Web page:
Phil Tinsley on the Poles….!!

Hi Jeremy, and thanks for the excellent photos and write up yesterday..

Mike and I looked hard at this system, and concluded that it is excellent, but sadly only works for a chute.

As we are both bag sailors, we had to use and older system with barber hauler and a ring and rope system in the pole to hold the guy to the pole.

This stem has two separate guys controlled as shown, which is like the system on Paddy Lewis’ new 505.

It is heaps simpler, but no use with bags – sigh!

 

Phil

Twin Spinnaker Poles Suddenly Topical…..!!

One of the teams at Datchet has been trying twin poles, …. and getting lots of advice from the rest of us – ha!!   Then this item came in from Jeremy Arnold at Notts County :

I’m just sending you some pictures of a twin spinnaker pole conversion that I have just done to my boat (3936) as I know you like to feature this kind of thing on your blog, and indeed I’ve spent quite a bit of time on your blog myself in the past looking at similar pictures.

The modern twin-pole system as developed by the 505s and Merlins etc is becoming increasingly popular on Flying 15s, and the advantages of getting rid of the twinning lines entirely, not to mention the need for the pole to be clipped on and off the guy during every spinnaker manoeuver, is huge. The downside is that the system itself is more complex and there is a lot of extra rope in the boat. We already had a couple of F15s at my club (Notts County SC) with the system who raved about how well it worked, but it was the overall ‘messiness’ of the installation that was continuing to put me off the idea – plus the fact that I was still a bit vague at that stage on exactly how it all worked.

My boat already had a single pole launcher (ie. a Spiro), but Andy Farmer of P&B who sails at our club kept extolling the virtues of the twin pole system and one weekend earlier this summer myself and my crew John Allen arranged to swap boats for one race with Angus Wright (3975), whose boat had already been converted to twin poles. John and I were ‘converted’ during that race too, finding that the system that looked complicated from the outside was actually completely intuitive to use, and indeed much simpler to use than a conventional single pole. John’s only complaint was that he didn’t like the awkwardness of having the cleat for the spinnaker guy mounted behind him and vertically on the inside face of the side tank – and my own chief complaint about every F15 I’d seen the system on was also the inelegant way the spinnaker guy is led via multiple blocks from the gunwale, across the decks, down the face of the front bulkhead, and then (exposed and above the floor) down the sides of the cockpit.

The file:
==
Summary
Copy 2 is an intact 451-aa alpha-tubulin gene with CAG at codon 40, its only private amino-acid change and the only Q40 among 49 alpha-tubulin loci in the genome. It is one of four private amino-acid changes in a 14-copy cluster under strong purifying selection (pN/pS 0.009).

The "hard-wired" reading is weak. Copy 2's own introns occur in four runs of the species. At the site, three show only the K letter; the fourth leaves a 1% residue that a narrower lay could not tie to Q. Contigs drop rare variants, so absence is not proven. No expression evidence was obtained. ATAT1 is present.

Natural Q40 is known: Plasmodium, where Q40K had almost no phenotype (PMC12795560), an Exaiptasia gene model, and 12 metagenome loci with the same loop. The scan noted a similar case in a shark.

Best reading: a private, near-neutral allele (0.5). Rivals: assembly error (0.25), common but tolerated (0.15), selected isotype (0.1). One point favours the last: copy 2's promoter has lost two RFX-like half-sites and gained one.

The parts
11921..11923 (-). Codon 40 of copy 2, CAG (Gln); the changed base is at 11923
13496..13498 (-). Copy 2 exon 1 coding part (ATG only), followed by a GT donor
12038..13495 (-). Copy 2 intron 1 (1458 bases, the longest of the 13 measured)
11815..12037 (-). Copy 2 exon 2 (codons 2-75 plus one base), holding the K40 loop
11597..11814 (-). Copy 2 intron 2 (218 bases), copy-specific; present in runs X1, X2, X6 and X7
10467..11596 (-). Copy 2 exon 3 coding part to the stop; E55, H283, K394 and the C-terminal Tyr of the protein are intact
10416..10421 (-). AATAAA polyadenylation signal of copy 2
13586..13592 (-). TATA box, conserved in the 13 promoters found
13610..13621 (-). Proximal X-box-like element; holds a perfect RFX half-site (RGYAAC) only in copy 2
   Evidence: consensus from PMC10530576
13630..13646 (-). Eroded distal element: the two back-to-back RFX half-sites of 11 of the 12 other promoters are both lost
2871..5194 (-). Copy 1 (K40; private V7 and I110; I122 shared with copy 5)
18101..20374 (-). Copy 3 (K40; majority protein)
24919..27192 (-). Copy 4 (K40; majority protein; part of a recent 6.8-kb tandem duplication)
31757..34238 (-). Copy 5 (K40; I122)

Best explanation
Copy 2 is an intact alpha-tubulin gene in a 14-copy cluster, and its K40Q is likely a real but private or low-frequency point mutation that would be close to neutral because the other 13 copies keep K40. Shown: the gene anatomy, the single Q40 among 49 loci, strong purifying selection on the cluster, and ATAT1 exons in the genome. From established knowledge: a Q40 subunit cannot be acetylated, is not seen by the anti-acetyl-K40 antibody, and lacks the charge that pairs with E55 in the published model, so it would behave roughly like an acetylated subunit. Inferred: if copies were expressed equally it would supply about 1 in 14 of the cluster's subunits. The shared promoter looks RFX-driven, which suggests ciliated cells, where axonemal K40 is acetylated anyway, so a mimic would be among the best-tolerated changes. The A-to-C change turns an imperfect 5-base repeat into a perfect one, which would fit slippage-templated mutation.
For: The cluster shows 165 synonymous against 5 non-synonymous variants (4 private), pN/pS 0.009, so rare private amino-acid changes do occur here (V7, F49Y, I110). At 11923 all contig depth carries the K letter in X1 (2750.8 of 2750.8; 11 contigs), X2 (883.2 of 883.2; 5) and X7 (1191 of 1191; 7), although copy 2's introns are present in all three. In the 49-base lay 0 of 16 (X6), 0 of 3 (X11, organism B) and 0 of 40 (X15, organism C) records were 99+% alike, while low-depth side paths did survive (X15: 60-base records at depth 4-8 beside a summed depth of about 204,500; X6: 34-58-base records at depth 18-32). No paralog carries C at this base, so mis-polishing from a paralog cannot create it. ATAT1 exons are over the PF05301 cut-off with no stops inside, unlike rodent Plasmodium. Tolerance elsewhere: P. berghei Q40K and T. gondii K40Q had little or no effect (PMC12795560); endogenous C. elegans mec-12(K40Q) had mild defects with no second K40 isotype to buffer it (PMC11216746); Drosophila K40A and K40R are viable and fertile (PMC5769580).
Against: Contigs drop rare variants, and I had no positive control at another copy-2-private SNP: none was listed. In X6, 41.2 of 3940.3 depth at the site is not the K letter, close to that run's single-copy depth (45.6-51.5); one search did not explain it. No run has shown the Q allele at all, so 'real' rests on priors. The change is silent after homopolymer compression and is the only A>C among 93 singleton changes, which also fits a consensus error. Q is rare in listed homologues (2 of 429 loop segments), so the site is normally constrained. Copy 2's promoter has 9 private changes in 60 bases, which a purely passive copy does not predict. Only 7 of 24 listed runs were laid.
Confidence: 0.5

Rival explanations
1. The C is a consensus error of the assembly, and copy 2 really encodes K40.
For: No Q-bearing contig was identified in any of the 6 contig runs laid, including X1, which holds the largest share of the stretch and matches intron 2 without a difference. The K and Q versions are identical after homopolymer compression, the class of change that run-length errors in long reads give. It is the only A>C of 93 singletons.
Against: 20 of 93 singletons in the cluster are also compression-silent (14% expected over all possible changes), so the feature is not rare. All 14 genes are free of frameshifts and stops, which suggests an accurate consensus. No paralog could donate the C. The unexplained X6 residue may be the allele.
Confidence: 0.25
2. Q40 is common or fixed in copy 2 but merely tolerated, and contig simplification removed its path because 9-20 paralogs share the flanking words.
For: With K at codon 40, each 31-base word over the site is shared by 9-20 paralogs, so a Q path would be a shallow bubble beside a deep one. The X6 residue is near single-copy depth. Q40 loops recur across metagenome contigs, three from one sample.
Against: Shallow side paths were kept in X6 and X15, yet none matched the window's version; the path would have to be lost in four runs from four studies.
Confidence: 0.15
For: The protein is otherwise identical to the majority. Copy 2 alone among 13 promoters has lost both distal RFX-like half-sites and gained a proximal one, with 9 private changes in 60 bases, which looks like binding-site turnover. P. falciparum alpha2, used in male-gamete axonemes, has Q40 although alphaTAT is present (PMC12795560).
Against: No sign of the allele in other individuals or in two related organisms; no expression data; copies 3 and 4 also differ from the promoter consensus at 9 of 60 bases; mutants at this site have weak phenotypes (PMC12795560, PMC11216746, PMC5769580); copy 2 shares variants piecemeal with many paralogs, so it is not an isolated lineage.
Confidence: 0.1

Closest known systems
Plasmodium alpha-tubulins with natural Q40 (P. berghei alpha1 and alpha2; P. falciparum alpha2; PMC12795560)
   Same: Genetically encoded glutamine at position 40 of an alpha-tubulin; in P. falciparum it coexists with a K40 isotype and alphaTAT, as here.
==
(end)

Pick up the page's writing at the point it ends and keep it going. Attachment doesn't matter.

I began to take measurements and realised that by installing tubes through the sidetanks the guy could be led directly from the gunwhales down to the mast base area, and from there along the central tunnel via 3:1 purchases hidden under the floorboard. The photos explain this better than words can, and by happy co-incidence the distance along the central tunnel to the rear face of the console gives you exactly the range of travel required to move the spinnaker pole from a ‘fine reach’ position against the forestay all the way back to a ‘square running’ position.

Brackets were fabricated from thick aluminum (stainless would have been better but I didn’t have any) and mounted on the gunwhales to lead the guy down the tubes. The brackets themselves bolt through the same holes in the gunwhale that originally took the twinning lines.

I moulded-up some cleat mounts (in the same style as the jib cleat mounts!) to mount the spinnaker guy cleats on the side of the console (ie. the cleats beneath the ‘Tension’ cleats in the photos), which puts them in front of the crew rather than behind, and with the spinnaker guy rope led at the same angle as the spinnaker sheet itself. Plus the helm can easily adjust them from here as well, with none of the stumbling-about required when the helm needs to release a forgotten twinning line during a gybe etc.

Twin pole launchers require twin cleats for the launcher ropes, but there isn’t space on the Ovington deck moulding to take two cleats side-by-side – plus, even though everyone and his dog has been using the big Racemaster compass for years, the latest Ovington deck mould still doesn’t have a flat surface big enough to mount a Racemaster properly. To solve this I moulded-up a mount as shown in the photos for both the cleats and the compass, which also raises the cleats up slightly and puts them on an angle.

That’s it really; the system itself operates in exactly the same way as they all do, just with a neater installation and better ergonomics. The only scary bit of the conversion was trying to work out exactly where the inside end of the tubes needed to exit the side tanks, and having the encourage to cut the holes in the calculated position!

Hope the above is of some use to you – if you have any queries just let me know

Thanks

Jeremy Arnold – GBR 3936, Notts County SC

Time to check your Spinnaker Pole ends…..??!!